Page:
jerusalem archaeology

KING HEZEKIAH in a 17thcentury painting by unknown artist, in the choir of Sankta Maria Kyrka in Ahu

Ancient inscription from City of David may mention king Hezekiah

The tunnel once brought water from the spring outside the city as a safety measure against sieges or other dangerous situations. 

‘Arteology’ exhibit showcases archaeology-inspired art at the Western Wall

The exhibit, by Israeli-Canadian artist Nicole Kornberg-Jacobovici, will include clay, stoneware and earthware inspired by Bronze Age Egyptian, Etruscan, Mycenaean and Israelite pottery.

First Temple period elephant-tusk ivories unearthed in Jerusalem

What do expensive ivory plaques from the First Temple period in Jerusalem unveil about the people who owned them?

Israeli archaeologist find where the Romans breached Jerusalem's walls - IAA

In breaching the walls of Jerusalem in 70 CE, the Roman legions stormed the city and destroyed the Second Temple, of the many infamous moments mourned on Tisha Be'av.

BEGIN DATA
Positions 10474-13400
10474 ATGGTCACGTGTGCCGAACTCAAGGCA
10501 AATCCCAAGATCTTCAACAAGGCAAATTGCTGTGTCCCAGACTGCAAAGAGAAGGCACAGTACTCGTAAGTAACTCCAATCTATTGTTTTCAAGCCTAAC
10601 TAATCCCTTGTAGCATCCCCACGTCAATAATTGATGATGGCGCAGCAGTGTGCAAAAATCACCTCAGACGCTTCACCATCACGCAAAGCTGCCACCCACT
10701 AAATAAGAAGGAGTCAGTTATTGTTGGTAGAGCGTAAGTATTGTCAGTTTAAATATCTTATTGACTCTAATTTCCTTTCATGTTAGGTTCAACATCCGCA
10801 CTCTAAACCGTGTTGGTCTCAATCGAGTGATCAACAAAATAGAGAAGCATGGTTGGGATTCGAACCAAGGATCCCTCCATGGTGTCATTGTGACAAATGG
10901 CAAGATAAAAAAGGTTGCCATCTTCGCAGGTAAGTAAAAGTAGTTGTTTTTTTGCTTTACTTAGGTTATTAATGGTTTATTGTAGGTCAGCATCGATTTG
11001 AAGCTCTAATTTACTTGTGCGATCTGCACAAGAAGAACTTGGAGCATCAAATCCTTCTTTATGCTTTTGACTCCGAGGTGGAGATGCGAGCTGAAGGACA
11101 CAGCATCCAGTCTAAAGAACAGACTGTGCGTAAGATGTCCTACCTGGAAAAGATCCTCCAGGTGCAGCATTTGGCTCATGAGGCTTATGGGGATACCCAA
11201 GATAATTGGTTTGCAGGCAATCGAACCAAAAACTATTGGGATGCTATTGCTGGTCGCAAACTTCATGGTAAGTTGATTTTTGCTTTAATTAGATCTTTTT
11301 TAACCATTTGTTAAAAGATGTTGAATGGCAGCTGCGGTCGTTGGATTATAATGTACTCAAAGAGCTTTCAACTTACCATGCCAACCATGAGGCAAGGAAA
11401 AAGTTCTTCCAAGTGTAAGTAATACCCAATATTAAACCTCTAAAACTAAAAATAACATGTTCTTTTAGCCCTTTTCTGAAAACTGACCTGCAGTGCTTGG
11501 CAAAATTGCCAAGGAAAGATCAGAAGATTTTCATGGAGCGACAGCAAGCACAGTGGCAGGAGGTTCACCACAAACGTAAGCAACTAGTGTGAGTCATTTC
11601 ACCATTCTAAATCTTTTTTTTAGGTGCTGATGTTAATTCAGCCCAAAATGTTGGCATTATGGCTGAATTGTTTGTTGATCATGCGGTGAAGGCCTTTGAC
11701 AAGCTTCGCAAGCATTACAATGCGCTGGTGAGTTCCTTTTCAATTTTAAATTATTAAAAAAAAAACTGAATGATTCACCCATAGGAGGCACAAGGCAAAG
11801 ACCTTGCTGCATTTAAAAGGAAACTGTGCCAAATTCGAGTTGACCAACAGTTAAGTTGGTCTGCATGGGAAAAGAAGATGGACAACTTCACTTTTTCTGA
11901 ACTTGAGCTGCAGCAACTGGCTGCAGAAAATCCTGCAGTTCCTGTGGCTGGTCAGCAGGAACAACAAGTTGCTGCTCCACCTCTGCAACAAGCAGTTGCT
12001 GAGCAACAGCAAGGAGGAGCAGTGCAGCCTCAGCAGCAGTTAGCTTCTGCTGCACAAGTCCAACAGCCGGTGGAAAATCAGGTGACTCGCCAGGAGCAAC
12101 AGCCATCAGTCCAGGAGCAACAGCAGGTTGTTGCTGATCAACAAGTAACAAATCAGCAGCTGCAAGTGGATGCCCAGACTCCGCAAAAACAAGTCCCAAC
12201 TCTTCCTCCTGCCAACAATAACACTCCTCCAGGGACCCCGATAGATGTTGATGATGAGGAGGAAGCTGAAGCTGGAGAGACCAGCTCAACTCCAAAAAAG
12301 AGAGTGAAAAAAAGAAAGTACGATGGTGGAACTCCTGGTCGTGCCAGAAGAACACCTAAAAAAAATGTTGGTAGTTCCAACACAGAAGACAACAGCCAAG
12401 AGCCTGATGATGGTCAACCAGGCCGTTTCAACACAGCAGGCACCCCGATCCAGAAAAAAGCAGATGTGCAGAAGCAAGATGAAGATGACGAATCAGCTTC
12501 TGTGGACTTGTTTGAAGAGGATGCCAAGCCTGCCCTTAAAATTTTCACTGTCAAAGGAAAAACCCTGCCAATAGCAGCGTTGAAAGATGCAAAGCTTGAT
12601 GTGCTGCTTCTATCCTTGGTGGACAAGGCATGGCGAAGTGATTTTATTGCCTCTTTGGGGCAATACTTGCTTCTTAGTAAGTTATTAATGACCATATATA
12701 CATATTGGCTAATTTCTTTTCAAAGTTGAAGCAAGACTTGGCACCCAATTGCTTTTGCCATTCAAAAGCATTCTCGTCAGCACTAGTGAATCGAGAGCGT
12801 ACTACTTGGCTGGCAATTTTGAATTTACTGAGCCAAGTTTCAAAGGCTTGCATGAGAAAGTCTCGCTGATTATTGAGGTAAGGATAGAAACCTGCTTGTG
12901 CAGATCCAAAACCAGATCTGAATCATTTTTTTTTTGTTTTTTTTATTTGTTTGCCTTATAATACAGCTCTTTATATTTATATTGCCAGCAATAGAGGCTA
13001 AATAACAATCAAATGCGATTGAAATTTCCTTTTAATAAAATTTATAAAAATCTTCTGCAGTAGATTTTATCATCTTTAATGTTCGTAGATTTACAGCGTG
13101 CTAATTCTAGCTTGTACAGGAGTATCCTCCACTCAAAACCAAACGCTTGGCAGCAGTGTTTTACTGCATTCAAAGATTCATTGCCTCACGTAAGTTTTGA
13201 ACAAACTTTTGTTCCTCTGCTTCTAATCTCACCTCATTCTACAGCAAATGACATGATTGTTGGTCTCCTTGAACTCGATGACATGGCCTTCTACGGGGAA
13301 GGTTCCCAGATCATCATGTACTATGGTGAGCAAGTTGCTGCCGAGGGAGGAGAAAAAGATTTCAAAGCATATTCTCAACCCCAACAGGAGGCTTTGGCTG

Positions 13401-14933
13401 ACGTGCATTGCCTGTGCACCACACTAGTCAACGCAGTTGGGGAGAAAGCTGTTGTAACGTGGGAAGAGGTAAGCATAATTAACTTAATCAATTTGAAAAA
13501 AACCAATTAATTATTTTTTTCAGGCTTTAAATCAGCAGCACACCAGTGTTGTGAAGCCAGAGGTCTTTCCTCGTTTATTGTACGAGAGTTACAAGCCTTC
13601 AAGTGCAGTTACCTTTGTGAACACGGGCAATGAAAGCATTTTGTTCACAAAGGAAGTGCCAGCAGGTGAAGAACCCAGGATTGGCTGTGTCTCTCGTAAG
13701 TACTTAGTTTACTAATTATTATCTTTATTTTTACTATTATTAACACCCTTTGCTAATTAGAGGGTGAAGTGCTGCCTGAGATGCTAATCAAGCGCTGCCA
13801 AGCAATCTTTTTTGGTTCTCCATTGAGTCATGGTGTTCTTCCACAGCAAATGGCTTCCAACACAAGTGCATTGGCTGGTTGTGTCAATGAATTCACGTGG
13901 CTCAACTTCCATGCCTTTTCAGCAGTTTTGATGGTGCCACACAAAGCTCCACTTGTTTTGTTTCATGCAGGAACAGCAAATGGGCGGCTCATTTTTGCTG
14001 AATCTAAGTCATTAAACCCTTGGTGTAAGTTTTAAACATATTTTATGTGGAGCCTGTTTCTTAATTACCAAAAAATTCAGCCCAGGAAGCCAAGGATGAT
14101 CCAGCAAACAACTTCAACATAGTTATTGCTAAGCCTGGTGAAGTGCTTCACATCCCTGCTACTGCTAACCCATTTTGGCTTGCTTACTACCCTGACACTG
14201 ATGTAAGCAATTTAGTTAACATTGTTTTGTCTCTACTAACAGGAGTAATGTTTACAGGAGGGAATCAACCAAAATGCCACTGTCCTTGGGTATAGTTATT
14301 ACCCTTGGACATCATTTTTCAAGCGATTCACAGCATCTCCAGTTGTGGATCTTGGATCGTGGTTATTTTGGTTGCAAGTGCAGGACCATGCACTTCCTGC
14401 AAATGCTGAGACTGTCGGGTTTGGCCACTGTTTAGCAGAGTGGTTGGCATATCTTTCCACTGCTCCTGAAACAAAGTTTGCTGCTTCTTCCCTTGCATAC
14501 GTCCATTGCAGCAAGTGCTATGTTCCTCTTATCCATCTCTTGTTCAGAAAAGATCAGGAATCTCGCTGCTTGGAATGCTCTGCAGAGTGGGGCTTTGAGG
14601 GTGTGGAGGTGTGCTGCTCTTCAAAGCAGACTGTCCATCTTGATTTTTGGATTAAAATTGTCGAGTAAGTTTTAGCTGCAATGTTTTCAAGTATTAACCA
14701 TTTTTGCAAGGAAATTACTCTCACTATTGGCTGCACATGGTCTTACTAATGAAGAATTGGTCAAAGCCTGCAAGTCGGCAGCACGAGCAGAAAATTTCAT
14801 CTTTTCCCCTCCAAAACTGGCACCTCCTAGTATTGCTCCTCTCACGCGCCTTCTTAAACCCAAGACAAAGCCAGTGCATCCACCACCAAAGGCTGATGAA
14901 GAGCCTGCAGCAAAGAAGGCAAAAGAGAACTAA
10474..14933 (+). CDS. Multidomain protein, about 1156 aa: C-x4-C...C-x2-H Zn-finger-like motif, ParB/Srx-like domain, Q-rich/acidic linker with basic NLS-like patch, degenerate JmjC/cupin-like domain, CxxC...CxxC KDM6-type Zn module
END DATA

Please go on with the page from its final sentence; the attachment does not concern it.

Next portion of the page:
New segment of Hasmonean aqueduct to Jerusalem exposed in capital neighborhood

An engineering feat of ingenuity allowed the aqueduct that served as Jerusalem's main water supply to be in use for 2000 years. A new section of it was found in Armon Hanatsiv.

Ceramic vessels from Jerusalem may have been ancient grenades - study

The residue of explosive material in the findings from 11th-12 century Jerusalem indicates that it may have been locally made.

Famous Siloam Inscription shows the complexity of repatriation of antiquities

A 2,700-year-old inscription was discovered in Jerusalem, a testament to the fragile circumstances of antiques.

UAE Archives directors visit Israel’s National Library for first time ever

Among the fields of collaboration agreed to in the 2020 Abraham Accords, the two institutions are working to preserve historical memory and cultural heritage.

Authorities believe looted Bar Kochba artifacts were Roman army spoils

Among the findings are typical Roman cult artifacts decorated with figures and pagan symbols, which prove that they were likely the original property of Roman soldiers.

Biblical warfare: How did the Assyrians conquer Judean Lachish?

Archaeologists uncovered how King Sennacherib’s army built the massive siege ramp that allowed them to defeat the city some 2,700 years ago.

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